[3] Guoqiang Zhang, B Eddy Patuwo, and Michael Y Hu. Forecasting with artificial neuralnetworks:: The state of the art. International journal of forecasting, 14(1):35–62, 1998.

[4] John M Bates and Clive WJ Granger. The combination of forecasts. OR, pages 451–468,1969.

[5] Ping-Feng Pai and Chih-Sheng Lin. A hybrid arima and support vector machines modelin stock price forecasting. Omega, 33(6):497–505, 2005.

[6] Li Zhang, Wei-Da Zhou, Pei-Chann Chang, Ji-Wen Yang, and Fan-Zhang Li. Iteratedtime series prediction with multiple support vector regression models. Neurocomputing,2012.

[7] Abdelhamid Bouchachia and Saliha Bouchachia. Ensemble learning for time series pre-diction. In Proceedings of the International Workshop on Nonlinear Dynamic Systemsand Synchronization, 2008.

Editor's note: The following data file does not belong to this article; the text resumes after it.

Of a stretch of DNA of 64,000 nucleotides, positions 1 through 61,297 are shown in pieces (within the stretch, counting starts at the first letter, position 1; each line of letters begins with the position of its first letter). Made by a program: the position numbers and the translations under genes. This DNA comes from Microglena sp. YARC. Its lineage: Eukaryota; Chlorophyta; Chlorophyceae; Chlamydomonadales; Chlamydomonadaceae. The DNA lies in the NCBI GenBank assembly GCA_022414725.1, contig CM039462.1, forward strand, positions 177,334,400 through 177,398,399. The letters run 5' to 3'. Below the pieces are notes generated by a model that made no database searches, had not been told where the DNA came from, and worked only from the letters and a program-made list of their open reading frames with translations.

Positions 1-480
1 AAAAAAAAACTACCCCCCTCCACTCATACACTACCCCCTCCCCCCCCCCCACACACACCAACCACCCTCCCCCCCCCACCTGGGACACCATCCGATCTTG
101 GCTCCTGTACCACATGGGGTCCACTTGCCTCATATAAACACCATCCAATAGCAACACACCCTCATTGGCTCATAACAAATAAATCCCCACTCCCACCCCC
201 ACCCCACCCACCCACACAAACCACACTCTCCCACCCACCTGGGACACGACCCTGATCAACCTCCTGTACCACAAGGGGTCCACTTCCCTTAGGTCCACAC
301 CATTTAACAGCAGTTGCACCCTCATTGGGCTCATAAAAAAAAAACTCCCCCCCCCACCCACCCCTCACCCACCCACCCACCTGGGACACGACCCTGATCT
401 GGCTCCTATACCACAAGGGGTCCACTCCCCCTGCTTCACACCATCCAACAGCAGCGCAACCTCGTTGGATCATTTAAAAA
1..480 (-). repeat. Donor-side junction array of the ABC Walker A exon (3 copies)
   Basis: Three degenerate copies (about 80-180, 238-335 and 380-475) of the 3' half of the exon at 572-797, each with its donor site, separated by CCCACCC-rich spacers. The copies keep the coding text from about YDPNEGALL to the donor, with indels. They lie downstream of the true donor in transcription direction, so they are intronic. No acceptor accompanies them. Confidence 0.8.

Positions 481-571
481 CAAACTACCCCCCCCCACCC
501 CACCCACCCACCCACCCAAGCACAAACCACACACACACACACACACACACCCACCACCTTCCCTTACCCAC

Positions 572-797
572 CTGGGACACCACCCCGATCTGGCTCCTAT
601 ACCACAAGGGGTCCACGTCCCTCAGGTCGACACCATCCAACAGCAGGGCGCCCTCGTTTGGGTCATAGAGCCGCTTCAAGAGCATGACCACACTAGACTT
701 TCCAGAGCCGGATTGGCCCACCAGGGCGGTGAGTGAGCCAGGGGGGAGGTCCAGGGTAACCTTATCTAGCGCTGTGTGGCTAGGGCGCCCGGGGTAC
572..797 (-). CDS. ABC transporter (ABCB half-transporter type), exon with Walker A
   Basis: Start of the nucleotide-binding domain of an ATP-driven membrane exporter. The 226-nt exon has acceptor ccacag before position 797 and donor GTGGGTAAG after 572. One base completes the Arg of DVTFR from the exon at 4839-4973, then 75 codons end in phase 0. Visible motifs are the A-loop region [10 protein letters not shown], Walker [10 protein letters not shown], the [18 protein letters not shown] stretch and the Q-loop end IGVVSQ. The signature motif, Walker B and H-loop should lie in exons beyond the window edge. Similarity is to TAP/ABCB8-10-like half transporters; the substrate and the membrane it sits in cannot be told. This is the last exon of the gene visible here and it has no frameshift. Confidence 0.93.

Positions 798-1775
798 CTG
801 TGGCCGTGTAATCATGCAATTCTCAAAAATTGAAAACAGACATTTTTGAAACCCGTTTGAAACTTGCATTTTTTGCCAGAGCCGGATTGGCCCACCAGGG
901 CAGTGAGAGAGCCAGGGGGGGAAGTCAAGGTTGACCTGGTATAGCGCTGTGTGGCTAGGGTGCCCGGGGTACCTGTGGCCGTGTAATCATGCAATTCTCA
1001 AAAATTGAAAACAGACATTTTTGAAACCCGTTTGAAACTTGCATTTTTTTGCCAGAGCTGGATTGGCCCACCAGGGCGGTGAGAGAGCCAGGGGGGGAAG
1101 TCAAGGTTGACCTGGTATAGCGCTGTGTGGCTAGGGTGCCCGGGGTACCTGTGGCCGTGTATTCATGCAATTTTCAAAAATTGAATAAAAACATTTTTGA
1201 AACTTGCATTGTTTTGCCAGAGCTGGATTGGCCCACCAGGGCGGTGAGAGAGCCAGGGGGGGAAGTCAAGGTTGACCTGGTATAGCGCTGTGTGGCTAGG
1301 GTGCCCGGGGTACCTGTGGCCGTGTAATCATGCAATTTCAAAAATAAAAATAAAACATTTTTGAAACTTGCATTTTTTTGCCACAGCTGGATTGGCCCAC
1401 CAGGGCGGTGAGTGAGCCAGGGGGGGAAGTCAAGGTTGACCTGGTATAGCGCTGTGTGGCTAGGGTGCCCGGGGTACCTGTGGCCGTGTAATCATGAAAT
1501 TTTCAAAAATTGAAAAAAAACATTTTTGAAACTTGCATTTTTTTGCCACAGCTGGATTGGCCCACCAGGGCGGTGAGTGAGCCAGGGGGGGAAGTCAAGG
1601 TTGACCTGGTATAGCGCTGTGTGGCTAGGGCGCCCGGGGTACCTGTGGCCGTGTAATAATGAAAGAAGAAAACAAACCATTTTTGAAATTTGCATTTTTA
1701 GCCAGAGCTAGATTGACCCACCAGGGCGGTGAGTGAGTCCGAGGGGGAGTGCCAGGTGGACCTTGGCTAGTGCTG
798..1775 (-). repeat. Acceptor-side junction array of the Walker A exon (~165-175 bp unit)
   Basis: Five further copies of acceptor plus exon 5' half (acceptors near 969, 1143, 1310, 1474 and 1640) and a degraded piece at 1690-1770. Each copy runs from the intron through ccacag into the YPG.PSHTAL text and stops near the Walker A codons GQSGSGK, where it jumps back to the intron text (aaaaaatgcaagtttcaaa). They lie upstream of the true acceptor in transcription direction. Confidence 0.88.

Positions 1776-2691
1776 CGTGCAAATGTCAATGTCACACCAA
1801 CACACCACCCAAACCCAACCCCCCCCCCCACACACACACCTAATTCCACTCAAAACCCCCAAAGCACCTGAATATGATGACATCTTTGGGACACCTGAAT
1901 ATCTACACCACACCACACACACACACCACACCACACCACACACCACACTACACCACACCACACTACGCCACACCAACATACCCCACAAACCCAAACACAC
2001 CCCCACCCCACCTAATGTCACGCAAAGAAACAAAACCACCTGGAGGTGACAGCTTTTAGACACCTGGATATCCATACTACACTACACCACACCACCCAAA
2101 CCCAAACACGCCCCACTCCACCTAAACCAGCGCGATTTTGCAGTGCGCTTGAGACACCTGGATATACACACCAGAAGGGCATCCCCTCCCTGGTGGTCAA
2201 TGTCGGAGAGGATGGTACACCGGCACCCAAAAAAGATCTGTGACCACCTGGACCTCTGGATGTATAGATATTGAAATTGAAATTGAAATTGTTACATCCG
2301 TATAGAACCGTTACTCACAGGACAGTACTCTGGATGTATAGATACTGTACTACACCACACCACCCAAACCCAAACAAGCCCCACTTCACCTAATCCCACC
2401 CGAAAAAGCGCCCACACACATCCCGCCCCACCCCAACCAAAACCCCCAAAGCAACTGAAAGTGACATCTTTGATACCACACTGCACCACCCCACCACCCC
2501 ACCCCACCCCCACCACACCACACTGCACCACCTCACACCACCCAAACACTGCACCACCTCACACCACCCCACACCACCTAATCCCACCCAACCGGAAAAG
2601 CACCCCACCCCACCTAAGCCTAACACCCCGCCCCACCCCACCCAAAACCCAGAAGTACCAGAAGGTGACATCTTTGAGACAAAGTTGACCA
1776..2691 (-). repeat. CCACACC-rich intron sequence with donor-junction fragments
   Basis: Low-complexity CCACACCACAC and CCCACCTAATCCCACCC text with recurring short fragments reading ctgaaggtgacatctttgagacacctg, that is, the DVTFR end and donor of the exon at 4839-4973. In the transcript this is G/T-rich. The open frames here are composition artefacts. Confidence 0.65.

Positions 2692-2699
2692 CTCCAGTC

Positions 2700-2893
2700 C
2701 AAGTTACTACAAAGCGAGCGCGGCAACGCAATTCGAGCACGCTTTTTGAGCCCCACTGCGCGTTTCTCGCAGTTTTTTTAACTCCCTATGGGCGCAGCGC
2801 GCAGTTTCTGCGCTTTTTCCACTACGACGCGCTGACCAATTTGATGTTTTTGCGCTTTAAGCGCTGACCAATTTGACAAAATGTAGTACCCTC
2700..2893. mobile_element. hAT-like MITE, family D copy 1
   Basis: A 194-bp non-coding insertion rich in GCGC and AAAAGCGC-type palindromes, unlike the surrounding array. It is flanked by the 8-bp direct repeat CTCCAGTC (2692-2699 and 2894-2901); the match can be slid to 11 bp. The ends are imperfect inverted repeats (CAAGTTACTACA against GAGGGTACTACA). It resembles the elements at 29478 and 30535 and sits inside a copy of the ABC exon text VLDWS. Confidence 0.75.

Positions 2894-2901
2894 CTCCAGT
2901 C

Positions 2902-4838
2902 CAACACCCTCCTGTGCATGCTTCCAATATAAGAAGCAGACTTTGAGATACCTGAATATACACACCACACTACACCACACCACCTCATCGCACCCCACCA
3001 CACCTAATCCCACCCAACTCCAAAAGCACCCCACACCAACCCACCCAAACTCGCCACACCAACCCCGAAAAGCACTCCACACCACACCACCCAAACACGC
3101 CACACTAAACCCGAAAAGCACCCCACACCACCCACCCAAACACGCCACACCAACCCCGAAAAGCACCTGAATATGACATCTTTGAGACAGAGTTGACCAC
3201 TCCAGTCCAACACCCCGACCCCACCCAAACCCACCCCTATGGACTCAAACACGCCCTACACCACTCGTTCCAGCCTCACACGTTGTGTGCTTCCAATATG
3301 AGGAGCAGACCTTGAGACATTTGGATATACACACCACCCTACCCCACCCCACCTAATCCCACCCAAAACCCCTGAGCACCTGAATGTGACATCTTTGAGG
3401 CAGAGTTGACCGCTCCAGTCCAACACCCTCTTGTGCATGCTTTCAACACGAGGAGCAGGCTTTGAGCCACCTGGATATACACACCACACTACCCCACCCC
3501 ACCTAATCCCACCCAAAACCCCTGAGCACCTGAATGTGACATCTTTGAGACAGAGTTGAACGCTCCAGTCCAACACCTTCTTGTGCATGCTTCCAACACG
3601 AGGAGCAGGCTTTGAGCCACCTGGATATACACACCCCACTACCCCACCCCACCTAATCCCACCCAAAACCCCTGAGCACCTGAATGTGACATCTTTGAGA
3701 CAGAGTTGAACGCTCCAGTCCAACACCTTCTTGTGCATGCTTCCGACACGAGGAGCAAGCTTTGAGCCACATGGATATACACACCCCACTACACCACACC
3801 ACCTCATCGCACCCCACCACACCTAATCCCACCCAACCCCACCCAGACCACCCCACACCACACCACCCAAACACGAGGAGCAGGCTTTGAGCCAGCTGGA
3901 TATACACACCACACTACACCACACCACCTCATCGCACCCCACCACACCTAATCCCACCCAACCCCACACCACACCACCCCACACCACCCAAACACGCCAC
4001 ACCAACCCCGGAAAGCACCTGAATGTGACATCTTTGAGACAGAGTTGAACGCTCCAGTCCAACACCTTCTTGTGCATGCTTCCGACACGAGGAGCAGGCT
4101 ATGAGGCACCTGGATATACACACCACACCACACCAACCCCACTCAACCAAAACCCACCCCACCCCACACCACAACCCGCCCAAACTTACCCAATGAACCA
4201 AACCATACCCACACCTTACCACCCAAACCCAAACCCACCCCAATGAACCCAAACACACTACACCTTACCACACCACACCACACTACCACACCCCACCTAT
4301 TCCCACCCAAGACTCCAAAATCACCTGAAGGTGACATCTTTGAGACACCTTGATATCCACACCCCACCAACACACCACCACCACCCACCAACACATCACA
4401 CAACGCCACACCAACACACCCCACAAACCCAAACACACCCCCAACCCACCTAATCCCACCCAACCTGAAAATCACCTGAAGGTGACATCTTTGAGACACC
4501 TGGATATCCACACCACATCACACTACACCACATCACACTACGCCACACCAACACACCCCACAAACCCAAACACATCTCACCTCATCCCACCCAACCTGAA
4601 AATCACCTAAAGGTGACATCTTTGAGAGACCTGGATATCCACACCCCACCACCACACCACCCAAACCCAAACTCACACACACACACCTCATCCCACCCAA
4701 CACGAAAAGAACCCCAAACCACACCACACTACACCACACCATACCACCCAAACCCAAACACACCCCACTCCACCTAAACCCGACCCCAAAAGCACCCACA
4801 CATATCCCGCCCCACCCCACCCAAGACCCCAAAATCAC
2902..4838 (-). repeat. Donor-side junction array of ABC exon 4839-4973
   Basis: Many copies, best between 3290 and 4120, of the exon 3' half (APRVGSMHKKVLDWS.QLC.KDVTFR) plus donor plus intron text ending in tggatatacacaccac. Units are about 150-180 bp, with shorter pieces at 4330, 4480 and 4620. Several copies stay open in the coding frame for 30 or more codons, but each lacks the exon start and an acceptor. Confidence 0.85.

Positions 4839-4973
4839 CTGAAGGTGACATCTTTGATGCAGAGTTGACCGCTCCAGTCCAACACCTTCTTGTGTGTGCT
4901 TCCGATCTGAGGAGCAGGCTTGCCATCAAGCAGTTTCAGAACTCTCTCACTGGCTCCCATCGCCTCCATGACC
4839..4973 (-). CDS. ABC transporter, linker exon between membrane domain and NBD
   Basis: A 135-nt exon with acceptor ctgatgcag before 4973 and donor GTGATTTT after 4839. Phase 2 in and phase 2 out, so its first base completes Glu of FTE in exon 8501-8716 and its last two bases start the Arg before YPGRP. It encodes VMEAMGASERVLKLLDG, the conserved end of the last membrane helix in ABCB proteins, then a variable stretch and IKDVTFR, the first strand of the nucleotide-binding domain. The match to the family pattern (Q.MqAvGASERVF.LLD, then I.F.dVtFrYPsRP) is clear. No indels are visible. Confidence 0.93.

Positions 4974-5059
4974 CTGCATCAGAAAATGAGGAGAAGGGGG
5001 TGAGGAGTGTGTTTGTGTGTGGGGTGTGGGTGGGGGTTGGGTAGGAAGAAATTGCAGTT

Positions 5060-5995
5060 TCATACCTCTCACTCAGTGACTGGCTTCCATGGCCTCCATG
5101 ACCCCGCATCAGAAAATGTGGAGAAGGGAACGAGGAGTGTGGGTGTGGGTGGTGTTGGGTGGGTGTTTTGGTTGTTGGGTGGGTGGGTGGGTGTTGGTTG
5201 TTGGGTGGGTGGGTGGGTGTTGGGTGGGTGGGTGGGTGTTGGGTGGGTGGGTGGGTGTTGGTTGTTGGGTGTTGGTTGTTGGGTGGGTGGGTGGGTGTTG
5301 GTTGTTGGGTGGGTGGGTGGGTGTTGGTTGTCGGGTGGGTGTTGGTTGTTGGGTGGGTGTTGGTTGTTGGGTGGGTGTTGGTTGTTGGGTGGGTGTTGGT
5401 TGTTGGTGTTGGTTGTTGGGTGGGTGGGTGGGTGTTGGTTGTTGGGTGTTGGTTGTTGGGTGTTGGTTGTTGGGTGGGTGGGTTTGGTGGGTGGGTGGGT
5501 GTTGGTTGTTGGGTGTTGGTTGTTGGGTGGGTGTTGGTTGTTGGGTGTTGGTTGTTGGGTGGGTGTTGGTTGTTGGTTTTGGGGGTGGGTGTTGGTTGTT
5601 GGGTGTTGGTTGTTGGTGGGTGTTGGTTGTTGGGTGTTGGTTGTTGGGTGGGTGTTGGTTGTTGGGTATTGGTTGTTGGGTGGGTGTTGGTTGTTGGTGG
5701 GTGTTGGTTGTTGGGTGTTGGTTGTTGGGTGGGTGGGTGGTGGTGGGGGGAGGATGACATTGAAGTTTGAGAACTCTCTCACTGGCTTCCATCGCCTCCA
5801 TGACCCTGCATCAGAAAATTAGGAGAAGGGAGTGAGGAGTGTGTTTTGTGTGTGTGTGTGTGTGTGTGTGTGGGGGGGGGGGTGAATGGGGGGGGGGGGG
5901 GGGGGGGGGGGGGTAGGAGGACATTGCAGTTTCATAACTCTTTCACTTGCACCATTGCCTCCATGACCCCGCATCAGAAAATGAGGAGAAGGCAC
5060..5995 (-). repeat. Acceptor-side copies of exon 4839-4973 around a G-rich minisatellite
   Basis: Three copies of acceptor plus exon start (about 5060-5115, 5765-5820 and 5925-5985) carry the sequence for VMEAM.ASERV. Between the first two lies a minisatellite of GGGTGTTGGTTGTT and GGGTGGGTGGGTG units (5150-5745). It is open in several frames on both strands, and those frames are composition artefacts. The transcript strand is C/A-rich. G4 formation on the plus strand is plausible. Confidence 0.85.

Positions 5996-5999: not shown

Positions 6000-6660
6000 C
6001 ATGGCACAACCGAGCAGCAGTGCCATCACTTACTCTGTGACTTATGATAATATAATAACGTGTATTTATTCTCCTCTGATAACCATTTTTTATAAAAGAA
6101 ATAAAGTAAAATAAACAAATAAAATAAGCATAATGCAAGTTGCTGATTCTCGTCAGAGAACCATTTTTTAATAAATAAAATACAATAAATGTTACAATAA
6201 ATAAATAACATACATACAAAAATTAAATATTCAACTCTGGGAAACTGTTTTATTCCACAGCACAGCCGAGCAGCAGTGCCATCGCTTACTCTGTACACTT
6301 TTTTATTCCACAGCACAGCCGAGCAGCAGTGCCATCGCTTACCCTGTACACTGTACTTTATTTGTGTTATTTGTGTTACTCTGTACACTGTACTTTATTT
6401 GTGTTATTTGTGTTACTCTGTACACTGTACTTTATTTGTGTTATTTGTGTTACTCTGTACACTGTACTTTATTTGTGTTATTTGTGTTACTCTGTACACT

[8] Souhaib Ben Taieb, Antti Sorjamaa, and Gianluca Bontempi. Multiple-output modelingfor multi-step-ahead time series forecasting. Neurocomputing, 73(10):1950–1957, 2010.

[9] George EP Box, Gwilym M Jenkins, and Gregory C Reinsel. Time series analysis:forecasting and control. Wiley. com, 2013.

[10] Vladimir Vapnik. The nature of statistical learning theory. springer, 2000.

[11] Chih-Chung Chang and Chih-Jen Lin. LIBSVM: A library for support vector machines.ACM Transactions on Intelligent Systems and Technology, 2:27:1–27:27, 2011.

[12] Hamparsum Bozdogan. Model selection and akaike’s information criterion (aic): Thegeneral theory and its analytical extensions. Psychometrika, 52(3):345–370, 1987.

[13] R.J. Hyndman. Time series data library, 2010.